Updated: May 23
Burnout is something every person has experienced at one time or another.
I have found these three simple practices help with burn out and, if applied, will increase your ability to balance, shed the things you don’t need, and focus more on what you want to.
#1 TIME BY MYSELF: Wake up early and go to bed early. These morning hours are incredible and they are worth trying out for yourself. Studies show that the brain runs at it best capacity in the early morning hours between 4:00 am to 7:00 am citation. This is prime time for your brain and getting enough sleep (recommended is 7 hours per night), then you will find your body is able to work through what it needs to and you will feel refreshed and ready to take on your dreams. There is a quietness that can be found in these early hours.
#2 TIME TO START: Apply the 4 minute miracle: I first heard this principle of “the first 4 minutes” from a marriage therapist, Wendy Watson Nelson in her book Purity and Passion. Watson states that the first four minutes with your spouse is critical to how the rest of the time will go. I have since tested and applied this principle to just about everything I do. I make sure the first four minutes of my studies, one-on-one coaching's with clients, time with loved ones, and more is especially intentional within the first 4 minutes. The key is how you start and then the rest will follow.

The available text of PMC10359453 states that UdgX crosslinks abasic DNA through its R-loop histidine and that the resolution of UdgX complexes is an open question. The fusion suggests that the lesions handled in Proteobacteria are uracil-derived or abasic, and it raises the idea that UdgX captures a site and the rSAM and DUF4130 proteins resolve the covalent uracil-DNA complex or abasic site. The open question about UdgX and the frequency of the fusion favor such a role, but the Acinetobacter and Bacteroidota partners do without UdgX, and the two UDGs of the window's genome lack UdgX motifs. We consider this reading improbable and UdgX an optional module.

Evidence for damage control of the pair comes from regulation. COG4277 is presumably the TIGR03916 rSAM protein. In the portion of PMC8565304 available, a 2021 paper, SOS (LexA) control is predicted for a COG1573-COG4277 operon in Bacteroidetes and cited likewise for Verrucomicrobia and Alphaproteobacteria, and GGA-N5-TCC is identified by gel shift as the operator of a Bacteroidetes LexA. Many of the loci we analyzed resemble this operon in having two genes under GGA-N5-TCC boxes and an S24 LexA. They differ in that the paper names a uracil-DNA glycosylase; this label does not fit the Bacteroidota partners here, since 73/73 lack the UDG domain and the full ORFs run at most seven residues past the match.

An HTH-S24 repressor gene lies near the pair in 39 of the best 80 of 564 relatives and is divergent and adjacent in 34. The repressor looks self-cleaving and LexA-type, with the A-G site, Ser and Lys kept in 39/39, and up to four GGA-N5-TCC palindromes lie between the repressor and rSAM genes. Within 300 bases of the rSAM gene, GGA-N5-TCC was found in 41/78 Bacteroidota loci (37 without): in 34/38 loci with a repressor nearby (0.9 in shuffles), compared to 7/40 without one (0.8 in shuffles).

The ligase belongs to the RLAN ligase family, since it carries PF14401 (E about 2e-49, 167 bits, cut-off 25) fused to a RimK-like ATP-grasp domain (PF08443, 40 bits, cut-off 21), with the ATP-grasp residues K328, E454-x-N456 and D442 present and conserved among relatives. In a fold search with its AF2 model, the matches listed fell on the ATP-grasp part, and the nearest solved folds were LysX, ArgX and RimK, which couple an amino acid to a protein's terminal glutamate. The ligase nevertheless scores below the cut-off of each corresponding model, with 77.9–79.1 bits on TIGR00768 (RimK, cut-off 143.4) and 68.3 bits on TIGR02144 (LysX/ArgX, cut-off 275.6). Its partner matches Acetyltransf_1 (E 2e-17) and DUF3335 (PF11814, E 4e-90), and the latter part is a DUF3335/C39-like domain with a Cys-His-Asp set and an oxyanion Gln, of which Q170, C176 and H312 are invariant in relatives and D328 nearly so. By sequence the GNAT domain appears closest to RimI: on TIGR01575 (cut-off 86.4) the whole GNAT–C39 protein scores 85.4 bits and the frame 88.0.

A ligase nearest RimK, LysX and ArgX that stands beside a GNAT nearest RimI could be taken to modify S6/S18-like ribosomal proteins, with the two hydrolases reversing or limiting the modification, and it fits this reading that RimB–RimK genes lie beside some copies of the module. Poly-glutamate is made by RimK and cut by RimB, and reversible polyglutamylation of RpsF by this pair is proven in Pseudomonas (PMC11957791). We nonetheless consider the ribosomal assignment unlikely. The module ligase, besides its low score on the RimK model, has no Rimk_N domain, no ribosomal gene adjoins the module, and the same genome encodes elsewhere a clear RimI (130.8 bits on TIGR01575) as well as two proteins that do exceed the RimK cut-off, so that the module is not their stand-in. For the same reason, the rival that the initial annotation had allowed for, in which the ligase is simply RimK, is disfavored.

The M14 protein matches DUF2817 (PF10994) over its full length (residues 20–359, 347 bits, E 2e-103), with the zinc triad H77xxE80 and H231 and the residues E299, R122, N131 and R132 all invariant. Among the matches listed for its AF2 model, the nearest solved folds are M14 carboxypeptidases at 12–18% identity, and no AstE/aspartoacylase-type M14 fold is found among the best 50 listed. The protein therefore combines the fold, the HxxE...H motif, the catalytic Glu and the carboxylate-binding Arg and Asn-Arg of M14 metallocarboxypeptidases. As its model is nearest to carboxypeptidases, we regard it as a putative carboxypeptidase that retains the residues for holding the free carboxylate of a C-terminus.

#3 TIME TO UNDERSTAND: Take time to take it in. Overwhelm or feeling worn down can come because basic and essential needs are not being met or that you feel something lacking. Emotions are complex and you may feel that you are just not doing enough, that you just aren’t valued, and/or you cannot imagine things being worse than they are right at this very moment. However, a practice I began adopting after reading a great book*, was the idea of “Time-in’s” instead of “time-outs”. This means stop and check-in. You stop everything and focus on the one who is acting out the most or who is the most hostile to your current location. If that person is you or someone you know, take a time-in to talk and really be seen. We all want to be seen. We all want to be heard. Each of us are fighting our own personal battles and a “Time-in” is most often the answer we are all looking for. (Article about how to do an effective time in)
Each of these when applied can have an abundant long-term impact. To review:
To have more time you make more time
To create quality time you prime the first four minutes
To cultivate understanding you give time to see others and yourself for who they are.
Which one of these solutions do you want to try? Is there a time when you feel the most burned out and overwhelmed? Please share your thoughts in the comments below.
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*How to Talk So Kids Will Listen & Listen So Kids Will Talk is a 1980 book by Adele Faber and Elaine Mazlish.